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Andre R

Shop/Technician licensing

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I just finished reading the post from Gonzo about diagnostics and I was about to respond and then chose to go this route. Let me give you a little background on me ; 57 years old, repairing cars for 42 of them, ase master certified with L1. I've repaired cars in Alaska, Massachusetts , Connecticut, Rhode Island and now in Arizona. I've been self employed for 29 years.

 

The problem of no techs and more importantly unqualified techs were present in the 70s when I started. ASE came along and they were going to fix the problem. All techs were going to have to get certified to be able to work in the automotive field, i'm still waiting for that to happen. Then ASE said that if we certified on our own that we would be more attractive to prospective employers and could command higher wages, still waiting for that to happen.

 

A couple of months ago Mitch Schnieder wrote an article about the tech shortage and that something needs to be done. Donny Sieffert from ASA has been writing articles about the connected car and all the complexities and how we are going to need very talented diagnosticians to figure them out and repair them. These same articles were written in the 80s about the new computer controlled cars and the 90s about the new fuel injected cars and the, well you get the idea.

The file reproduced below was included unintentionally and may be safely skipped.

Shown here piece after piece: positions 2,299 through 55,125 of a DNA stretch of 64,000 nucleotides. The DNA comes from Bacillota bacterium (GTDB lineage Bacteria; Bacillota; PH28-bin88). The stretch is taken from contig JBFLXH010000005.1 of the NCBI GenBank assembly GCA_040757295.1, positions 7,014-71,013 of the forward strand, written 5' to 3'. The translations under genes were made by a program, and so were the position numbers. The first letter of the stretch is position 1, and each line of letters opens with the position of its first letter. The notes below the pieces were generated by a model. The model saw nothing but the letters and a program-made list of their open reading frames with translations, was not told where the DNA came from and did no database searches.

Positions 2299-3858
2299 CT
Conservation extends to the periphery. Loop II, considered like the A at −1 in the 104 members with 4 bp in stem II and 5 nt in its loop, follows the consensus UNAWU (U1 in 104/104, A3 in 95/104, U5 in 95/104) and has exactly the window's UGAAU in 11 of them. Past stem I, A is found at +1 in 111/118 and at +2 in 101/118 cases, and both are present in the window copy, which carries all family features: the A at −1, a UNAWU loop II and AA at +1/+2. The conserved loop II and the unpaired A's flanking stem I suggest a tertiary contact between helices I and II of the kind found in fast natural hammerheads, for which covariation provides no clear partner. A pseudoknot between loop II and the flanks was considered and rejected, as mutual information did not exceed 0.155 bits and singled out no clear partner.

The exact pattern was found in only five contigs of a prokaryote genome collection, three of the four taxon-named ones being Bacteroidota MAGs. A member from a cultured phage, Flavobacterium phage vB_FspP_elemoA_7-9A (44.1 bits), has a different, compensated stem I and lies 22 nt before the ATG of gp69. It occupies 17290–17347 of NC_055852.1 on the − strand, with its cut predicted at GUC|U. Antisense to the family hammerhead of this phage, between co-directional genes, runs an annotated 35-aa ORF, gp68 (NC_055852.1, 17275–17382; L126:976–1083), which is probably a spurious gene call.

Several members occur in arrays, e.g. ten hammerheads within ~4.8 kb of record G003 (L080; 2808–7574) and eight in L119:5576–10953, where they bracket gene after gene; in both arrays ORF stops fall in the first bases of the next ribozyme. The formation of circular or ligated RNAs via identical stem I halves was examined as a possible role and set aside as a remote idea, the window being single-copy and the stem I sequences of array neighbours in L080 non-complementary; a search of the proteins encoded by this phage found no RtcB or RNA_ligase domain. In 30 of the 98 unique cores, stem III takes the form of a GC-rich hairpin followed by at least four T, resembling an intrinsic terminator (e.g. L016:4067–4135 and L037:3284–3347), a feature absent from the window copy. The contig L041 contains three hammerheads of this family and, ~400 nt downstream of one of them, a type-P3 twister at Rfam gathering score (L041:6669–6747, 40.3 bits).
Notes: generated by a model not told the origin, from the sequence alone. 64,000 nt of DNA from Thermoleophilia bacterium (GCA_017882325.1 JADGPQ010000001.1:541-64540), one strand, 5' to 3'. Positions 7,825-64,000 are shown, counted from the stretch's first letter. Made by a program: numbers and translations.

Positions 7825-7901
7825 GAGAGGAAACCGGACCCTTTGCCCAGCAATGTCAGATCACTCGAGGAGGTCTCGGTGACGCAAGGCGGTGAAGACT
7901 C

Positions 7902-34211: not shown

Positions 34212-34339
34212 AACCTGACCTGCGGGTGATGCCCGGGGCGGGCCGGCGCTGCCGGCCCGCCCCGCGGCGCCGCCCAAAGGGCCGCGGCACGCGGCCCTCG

We as an industry need to come together and fix this problem. Instead we complain to each other about how hard it is to find qualified techs while we hire unqualified /barely qualified techs to work in our bays.I include myself in this ,I'm just as guilty.

 

The reason we do this is we have no way of knowing if that person applying for the tech position has any schooling or even knows what he says he knows.

 

I feel shop and tech licensing fixes a lot of these problems. I'm sure there will be a bunch of you that will disagree with me and thats fine. I know you only hire certified people and run the best shops except the three shops down the road or around the corner don't and it says auto repair on the front of their buildings too.

 

If you knew that the person coming through your door had to pass a rigorous licensing requirement and that every shop had to have the same basic equipment and could only hire these licensed techs it levels the playing field for all of us.

 

Think it can't be done? Look at the Right To Repair laws and agreements that have been forged and passed in different states. It can be done but only if we start the discussion on a national level.

 

Using an organization like ASA and bringing together some of the leaders in our industry to work on this with our input I feel would be a start in the right direction.

 

I know it won't be a cure all but it would be a start. We need to start some where .

 

Thoughts, insights??

 

 

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